Dormition Monastery (Troyan, Bulgaria)

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The Monastery of the Dormition of the Most Holy Mother of God, Bulgarian: Троянски манастир „Успение Богородично“, also, more commonly the Troyan Monastery, is the third largest monastery in Bulgaria and one of three Stavropegial monasteries of the Church of Bulgaria. The monastery is located on the left bank of the Cherni Osam River about eight miles from the town of Troyan, Bulgaria.


When Troyan Monastery was founded is unknown. The monastery’s chronicles, that were kept by anonymous monks, noted that a hermit came to the area of Troyan and built himself a humble dwelling some years after the fall of the second Bulgarian Empire, which was 1396. The monk, having won the respect of the local population that began visiting him for prayer and advice, built a church consecrated to the Holy Virgin. Early in the seventeenth century, the chronicles also note the establishment of the monastery with the arrival of several hermits who brought with them the much venerated miracle-working icon of “Holy Virgin Troerouchitsa” (three-handed Holy Mother of God).

The years following the establishment of the monastery were difficult. The monastery was often raided and ransacked during the Balkans wars with the loss of many of its monks. It was during the latter part of this period, in 1794, that the noted carved wooden iconostasis was installed in the chapel of St. Nikola. The iconostasis was created by the Monk Kiprian in the style of the Trayvna School of Art. All though it lies outside the present-day monastery complex, the chapel of St. Nikola the Miracle-Worker is the oldest, yet best preserved, religious building in the area. It is located about half an hour walk south of the monastery.

Since the monastery was under the jurisdiction of the bishops of the Greek eparchy of Lovech, the monastery's lands and forests were used for the bishop's own enrichment, which created problems for the monastery. A solution to this problem came in 1830, when a delegation of monks visited the Patriarchate in Constantinople with a letter of support from Metropolitan Ilarion of Troyan requesting religious, administrative, and economic independence for the Troyan monastery. A charter dated December 4, 1830 was signed by Ecumenical Patriarch Constantius that gave the monastery its desired autonomy by establishing it as “stauropegial”, that is directly under the jurisdiction of the Patriarchate of Constantinople. With the new charter, the monastery began expanding and developed into the notable cultural and religious center of today. These new monastery facilities were built in the Bulgarian Renaissance style.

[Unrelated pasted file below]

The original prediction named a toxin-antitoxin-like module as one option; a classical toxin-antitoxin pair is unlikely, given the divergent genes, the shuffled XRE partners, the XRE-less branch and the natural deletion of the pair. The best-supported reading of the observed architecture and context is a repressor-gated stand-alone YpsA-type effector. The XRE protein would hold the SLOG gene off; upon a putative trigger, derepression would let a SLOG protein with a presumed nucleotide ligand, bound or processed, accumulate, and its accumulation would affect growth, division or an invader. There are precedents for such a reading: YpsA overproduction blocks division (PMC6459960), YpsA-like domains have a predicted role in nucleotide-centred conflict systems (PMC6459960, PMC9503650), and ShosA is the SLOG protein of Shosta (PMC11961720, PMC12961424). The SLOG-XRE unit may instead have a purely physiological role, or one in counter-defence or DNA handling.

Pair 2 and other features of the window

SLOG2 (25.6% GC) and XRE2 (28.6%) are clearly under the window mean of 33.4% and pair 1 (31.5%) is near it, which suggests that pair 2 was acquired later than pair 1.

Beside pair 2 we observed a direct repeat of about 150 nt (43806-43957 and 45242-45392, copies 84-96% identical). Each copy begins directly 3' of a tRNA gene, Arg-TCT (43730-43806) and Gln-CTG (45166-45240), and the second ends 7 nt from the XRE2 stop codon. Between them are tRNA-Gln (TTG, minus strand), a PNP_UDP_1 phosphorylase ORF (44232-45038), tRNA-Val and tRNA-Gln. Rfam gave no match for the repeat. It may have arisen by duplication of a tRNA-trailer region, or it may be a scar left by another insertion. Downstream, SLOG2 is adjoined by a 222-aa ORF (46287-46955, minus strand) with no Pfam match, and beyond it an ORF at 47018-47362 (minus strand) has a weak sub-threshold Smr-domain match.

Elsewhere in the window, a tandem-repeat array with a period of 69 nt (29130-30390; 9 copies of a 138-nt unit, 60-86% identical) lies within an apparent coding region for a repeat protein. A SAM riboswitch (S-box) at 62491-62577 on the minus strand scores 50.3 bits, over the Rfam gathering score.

Although the various parts of the monastery were built by a number of masters at different times, the monastery is remarkable for its harmony. In 1835, Constantine, a master from the village of Peshtera, built the main church of the monastery, which was dedicated to the “Dormition of Virgin Mary”. The church was built of porous limestone and large bricks in alternating layers. The church soon brought admiration by foreign visitors. The carved wooden iconostasis was added to the church in 1839. The frescoes of the monastery and the church were painted between 1847 and 1849 by the Bulgarian artist, Zahari Zograf from the Samokov school of art and iconography. The icons for the church were done by other iconographers of the Samokov school, including Zahari’s brother, Dimitar Zograf. As Zahari and his companions painted frescoes in many monasteries that still exist, the iconography at Troyan Monastery is similar to that in many other places, including Rila Monastery. The 5-story tall church tower was built by the master Ivan in 1865. The buildings of monastery have three and four stories, with long open verandas that face an inner yard. The columns and parapets are of an old Bulgarian style.

In addition to its religious role, the monastery became the focus for a number of Bulgarian writers, teachers and translators, including historians such as the monk Spirodon, author of a Bulgarian history. Also, the monastery was linked to the Bulgarians’ struggle against the Ottoman rule when during the late nineteenth century Troyan Monastery became an asylum for rebels and a famous literary and revolutionary center striving for Bulgarian recognition and freedom. In 1872, the Bulgarian patriot Vassil Levski, a monk, established in the monastery a secret revolutionary committee of monks that was led by the Abbot Macarius. In April 1876, the monastery became a citadel for the April Uprising. During the Russian-Turkish war of 1877/1878, the Abbot Macarius transformed the monastery complex into a field hospital for Russian soldiers.

The late Patriarch Maxim of the Church of Bulgaria served as a novice at the monastery.